Choosing Wisely: Things We Do For No Reason

Things We Do For No Reason: Two-Unit Red Cell Transfusions in Stable Anemic Patients

© 2017 Society of Hospital Medicine

The “Things We Do for No Reason” (TWDFNR) series reviews practices which have become common parts of hospital care but which may provide little value to our patients. Practices reviewed in the TWDFNR series do not represent “black and white” conclusions or clinical practice standards, but are meant as a starting place for research and active discussions among hospitalists and patients. We invite you to be part of that discussion.


Blood transfusion is not only the most common procedure performed in US hospitals but is also widely overused, according to The Joint Commission. Unnecessary transfusions can increase risks and costs, and now, multiple landmark trials support using restrictive transfusion strategies. This manuscript discusses the importance and potential impacts of giving single-unit red blood cell (RBC) transfusions in anemic patients who are not actively bleeding and are hemodynamically stable. The “thing we do for no reason” is giving 2-unit RBC transfusions when 1 unit would suffice. We call this the “Why give 2 when 1 will do?” campaign for RBC transfusion.


A 74-year-old, 70-kg male with a known history of myelodysplastic syndrome is admitted for dizziness and shortness of breath. His hemoglobin (Hb) concentration is 6.2 g/dL (baseline Hb of 8 g/dL). The patient denies any hematuria, hematemesis, and melena. Physical examination is remarkable only for tachycardia—heart rate of 110. The admitting hospitalist ponders whether to order a 2-unit red blood cell (RBC) transfusion.


RBC transfusion is the most common procedure performed in US hospitals, with about 12 million RBC units given to patients in the United States each year.1 Based on an opinion paper published in 1942 by Adams and Lundy2 the “10/30 rule” set the standard that the ideal transfusion thresholds were an Hb of 10 g/dL or a hematocrit of 30%. Until human immunodeficiency virus (HIV) became a threat to the nation’s blood supply in the early 1980s, few questioned the 10/30 rule. There is no doubt that blood transfusions can be lifesaving in the presence of active bleeding or hemorrhagic shock; in fact, many hospitals have blood donation campaigns reminding us to “give blood—save a life.” To some, these messages may suggest that more blood is better. Prior to the 1990s, clinicians were taught that if the patient needed an RBC transfusion, 2 units was the optimal dose for adult patients. In fact, single-unit transfusions were strongly discouraged, and authorities on the risks of transfusion wrote that single-unit transfusions were acknowledged to be unnecessary.3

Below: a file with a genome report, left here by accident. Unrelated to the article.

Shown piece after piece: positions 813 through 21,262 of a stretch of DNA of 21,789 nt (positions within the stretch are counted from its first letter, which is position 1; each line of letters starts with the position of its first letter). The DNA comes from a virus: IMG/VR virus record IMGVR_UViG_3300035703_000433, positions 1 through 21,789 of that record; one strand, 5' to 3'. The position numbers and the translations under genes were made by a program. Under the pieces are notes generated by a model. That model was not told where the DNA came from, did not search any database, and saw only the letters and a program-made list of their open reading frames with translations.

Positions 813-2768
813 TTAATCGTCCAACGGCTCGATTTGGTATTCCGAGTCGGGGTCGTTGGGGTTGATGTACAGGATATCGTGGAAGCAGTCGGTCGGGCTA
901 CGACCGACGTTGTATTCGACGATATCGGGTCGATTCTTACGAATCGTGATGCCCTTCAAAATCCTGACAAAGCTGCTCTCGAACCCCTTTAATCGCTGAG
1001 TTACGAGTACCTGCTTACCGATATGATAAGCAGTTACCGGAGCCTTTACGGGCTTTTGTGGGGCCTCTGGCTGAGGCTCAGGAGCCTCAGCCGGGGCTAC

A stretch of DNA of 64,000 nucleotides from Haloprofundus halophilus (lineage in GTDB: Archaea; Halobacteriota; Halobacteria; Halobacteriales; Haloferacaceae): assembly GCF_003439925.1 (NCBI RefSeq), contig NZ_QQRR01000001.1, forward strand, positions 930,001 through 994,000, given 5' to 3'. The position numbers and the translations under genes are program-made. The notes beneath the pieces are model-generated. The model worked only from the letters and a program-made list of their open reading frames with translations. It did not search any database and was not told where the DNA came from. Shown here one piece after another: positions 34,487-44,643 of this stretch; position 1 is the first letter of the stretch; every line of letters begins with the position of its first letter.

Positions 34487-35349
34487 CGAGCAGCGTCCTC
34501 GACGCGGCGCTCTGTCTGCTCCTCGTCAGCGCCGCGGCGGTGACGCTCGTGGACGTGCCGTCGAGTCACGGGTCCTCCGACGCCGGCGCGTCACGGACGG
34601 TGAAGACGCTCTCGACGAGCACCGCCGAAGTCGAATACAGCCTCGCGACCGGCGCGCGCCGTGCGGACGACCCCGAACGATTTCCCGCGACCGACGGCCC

According to a recent Joint Commission Overuse Summit, transfusion was identified as 1 of the top 5 overused medical procedures.4 Blood transfusions can cause complications such as transfusion-related acute lung injury and transfusion-associated circulatory overload, the number 1 and 2 causes of transfusion-related deaths, respectively,5 as well as other transfusion reactions (eg, allergic and hemolytic) and alloimmunization. Transfusion-related morbidity and mortality have been shown to be dose dependent,6 suggesting that the lowest effective number of units should be transfused. Although, with modern-day testing, the risks of HIV and viral hepatitis are exceedingly low, emerging infectious diseases such as the Zika virus and Babesiosis represent new threats to the nation’s blood supply, with potential transfusion-related transmission and severe consequences, especially for the immunosuppressed. As quality-improvement, patient safety, and cost-saving initiatives, many hospitals have implemented strategies to reduce unnecessary transfusions and decrease overall blood utilization.

In the past decade, clinicians have begun to realize that blood is like any other therapeutic agent; it is not without risk, it has a cost, and it should be given only when indicated and at the lowest effective dose. Guidelines and recommendations have shifted toward single-unit RBC transfusions in hemodynamically stable, nonbleeding patients.7,8 The American Association of Blood Banks (AABB) supports single-unit transfusions for such patients.9 Unfortunately, many clinicians are unaware of this recommendation.10 This change in practice is evidence based and supported by 8 large, randomized trials that compared a restrictive to a liberal transfusion strategy, which are summarized in the Table.11-18 These trials support (1) an Hb transfusion trigger of 7-8 g/dL and (2) transfusion of 1 RBC unit at a time, followed by reassessment of the Hb level and patient status. Five of the trials found no difference in the primary outcome12-14,16,18 (meaning no benefit to giving more blood than is needed), and 3 of the trials showed worse outcomes with liberal transfusion11,15,17 (or actual harm from giving extra blood). One issue to consider is that these clinical trials were focused on the Hb trigger (ie, defined as the Hb level at which clinicians start giving blood) but not on the Hb target (ie, the Hb level at which clinicians stop giving blood). The difference between the trigger and the target is determined by the dose of blood. In these trials, the standard strategy for transfusion was a single RBC unit followed by reassessment.